Where are the Salmon? More than 200,000 salmon should haveshown up in the Columbia river to spawn by now, but only afew hundred have been seen. The absence of the wild Chinooksalmon is a disturbing environmental mystery. The best casescenario is that they’re being kept away by low water andhigh sediment levels due to the drought in the PacificNorthwest. The worst is that there has been a shortage ofthe krill that is essential to their diet, and they havestarved while wintering out at sea. This means we’re going to see only farmed salmon in our grocery stores thisyear, although it may be designated as “wild” (Keep readingand we’ll tell you all about that).
For centuries local Indian tribes have depended on thesalmon, but not this year. Chinook salmon enter the ColumbiaRiver from the Pacific Ocean this time every year to returnto the streams where they were hatched and lay their eggs.
Fish ladders, resembling stairs, have actually been builtfor them inside the Bonneville Dam, which is located on theColumbia River, which flows through Portland, Oregon andVancouver, Washington. Inside the dam, the fish swim past alarge window, so they can be counted. Government fisheriesinspectors then decide when to start the fishing season andhow long it should last.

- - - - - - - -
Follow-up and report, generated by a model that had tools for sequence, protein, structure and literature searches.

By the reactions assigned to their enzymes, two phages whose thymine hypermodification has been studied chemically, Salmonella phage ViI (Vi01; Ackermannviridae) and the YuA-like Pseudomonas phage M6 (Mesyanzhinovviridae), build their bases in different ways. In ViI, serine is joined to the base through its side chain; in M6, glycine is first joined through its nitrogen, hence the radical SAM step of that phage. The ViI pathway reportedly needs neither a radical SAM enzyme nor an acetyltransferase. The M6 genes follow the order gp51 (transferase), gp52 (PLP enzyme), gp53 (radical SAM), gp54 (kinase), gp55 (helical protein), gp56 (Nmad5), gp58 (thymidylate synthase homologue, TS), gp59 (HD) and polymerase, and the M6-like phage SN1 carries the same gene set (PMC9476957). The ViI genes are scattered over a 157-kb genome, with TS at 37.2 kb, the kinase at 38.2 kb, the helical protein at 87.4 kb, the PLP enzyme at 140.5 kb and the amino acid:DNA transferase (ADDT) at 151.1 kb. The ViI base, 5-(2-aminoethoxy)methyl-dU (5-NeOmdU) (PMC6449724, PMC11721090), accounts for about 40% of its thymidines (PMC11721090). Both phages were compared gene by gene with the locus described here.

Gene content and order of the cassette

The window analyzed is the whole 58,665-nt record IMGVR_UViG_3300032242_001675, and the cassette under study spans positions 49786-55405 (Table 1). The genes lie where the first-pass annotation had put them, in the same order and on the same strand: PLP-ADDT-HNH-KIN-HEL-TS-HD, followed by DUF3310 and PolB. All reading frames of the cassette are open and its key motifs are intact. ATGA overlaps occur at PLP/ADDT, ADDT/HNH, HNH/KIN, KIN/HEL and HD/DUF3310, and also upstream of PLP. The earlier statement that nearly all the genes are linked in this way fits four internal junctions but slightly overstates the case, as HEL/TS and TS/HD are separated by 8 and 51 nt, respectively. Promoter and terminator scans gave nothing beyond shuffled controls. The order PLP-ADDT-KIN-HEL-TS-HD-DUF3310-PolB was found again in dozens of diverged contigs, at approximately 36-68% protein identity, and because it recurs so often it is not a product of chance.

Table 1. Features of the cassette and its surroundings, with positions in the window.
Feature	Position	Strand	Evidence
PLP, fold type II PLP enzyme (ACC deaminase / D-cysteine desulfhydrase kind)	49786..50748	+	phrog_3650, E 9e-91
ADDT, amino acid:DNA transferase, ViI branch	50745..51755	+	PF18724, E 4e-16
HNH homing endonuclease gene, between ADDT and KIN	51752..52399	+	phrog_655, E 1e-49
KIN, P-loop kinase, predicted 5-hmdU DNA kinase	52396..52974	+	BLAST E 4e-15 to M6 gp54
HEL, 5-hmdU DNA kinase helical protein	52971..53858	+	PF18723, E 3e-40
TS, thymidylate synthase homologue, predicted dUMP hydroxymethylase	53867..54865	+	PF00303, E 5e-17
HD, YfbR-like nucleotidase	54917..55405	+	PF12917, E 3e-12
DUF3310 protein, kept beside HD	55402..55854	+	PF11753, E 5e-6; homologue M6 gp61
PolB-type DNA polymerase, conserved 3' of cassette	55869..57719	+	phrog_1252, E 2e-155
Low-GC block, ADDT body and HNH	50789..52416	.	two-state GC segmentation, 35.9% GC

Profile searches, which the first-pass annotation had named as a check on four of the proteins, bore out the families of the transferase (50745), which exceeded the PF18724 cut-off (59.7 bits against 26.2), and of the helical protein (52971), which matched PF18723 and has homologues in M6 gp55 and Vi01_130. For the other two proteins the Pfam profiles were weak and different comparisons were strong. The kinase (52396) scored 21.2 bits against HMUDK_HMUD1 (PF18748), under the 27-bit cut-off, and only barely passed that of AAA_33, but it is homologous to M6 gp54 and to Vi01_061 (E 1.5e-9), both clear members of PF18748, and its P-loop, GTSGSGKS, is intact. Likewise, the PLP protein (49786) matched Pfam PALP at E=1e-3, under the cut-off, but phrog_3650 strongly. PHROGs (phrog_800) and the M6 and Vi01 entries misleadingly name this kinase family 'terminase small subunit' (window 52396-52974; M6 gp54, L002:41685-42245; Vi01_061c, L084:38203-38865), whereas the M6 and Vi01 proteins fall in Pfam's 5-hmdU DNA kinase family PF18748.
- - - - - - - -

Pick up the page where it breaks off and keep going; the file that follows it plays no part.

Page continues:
Most of the salmon making this year’s spring run first wentout to sea, as baby fish, in 2002 or 2003. There have beenno conditions in the last 2 to 3 years that would explainthe die off. The number of salmon in the Willamette River,which joins the Columbia below Bonneville Dam, are normalthis year. The Bonneville Dam releases a certain amount ofwater to help the fish if the water flow is too low, inorder to keep the young salmon out of the hydroelectricturbines, which kill about 10% of the fish that swim throughthem.
So when you go into your local fish store in search of wildsalmon, and see the fillets displayed at the usualastronomical prices, don’t expect to get the real thing. TheNew York Times recently reported that salmon are being soldas “wild” in a number of prestigious New York markets likeDean & DeLuca and Whole Foods, but they found that they werevirtually all the farmed variety instead?complete with thePCBs, dyes and other contaminants that purchasers of wildsalmon pay so much extra to avoid. (The salmon purchased bythe Times at Whole Foods was wild-caught, according to thechain, but still a farmed fish.)
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